Larry Bell is an American sculptor and painter, most noted for his glass cube sculptures. Bell’s cubes examine the relationship between the object and its environment through the reflective properties of the work.
Bell is identified with the Southern Californian art movement Light and Space, and so is linked to James Turrell, John McCracken and DeWain Valentine, whose work shares similar concerns. Bell and McCracken were included in the influential 1971 UCLA exhibition "Transparency, Reflection, Light, Space” which did much to introduc the loosely formed group to an increasingly curious public.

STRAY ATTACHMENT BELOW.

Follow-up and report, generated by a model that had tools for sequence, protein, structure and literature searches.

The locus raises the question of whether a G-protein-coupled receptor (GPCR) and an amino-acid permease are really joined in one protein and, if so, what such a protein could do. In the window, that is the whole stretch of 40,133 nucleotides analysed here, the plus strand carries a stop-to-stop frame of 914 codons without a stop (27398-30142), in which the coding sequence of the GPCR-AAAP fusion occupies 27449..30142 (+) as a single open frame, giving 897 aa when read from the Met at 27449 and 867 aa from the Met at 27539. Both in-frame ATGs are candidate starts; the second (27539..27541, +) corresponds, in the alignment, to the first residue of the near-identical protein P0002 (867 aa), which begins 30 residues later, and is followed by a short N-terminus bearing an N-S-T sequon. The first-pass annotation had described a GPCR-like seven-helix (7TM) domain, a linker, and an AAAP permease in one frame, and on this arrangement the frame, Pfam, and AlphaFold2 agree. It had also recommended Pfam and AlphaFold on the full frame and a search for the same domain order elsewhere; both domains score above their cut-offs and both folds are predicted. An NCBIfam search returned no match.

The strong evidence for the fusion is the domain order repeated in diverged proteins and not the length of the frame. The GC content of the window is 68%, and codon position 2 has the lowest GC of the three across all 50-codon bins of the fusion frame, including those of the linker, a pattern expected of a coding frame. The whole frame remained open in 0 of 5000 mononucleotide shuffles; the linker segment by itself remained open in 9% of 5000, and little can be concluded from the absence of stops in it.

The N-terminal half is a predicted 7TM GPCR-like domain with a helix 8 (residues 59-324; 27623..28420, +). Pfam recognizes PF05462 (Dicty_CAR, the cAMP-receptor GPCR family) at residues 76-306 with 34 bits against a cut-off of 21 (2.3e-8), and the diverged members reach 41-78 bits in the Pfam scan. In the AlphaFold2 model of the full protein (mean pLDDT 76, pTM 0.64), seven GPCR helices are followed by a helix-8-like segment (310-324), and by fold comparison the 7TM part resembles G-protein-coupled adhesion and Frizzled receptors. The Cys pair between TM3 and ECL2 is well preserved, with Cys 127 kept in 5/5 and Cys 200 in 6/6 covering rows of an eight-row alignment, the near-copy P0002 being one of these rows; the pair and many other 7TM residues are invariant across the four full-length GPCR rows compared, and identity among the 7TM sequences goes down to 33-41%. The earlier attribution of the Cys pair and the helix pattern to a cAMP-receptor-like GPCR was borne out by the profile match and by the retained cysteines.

Bell’s art has been described as operating at the “upper limits of perception”, where one has to “make a considerable effort to discern and so…become conscious of the process of seeing”.
Early in his career, Bell began to incorporate fragments of glass into what had been a fairly Expressionist style of painting. These works developed into so-called ‘shadow boxes” and from those, to the glass cubes for which he is most recognised. Often treated with thin film deposits of rare and unusual materials, such as Inconel and bismuth, the glass in Bell’s works act as both mirror and window.
Work by Larry Bell is held in over 50 major international institutions.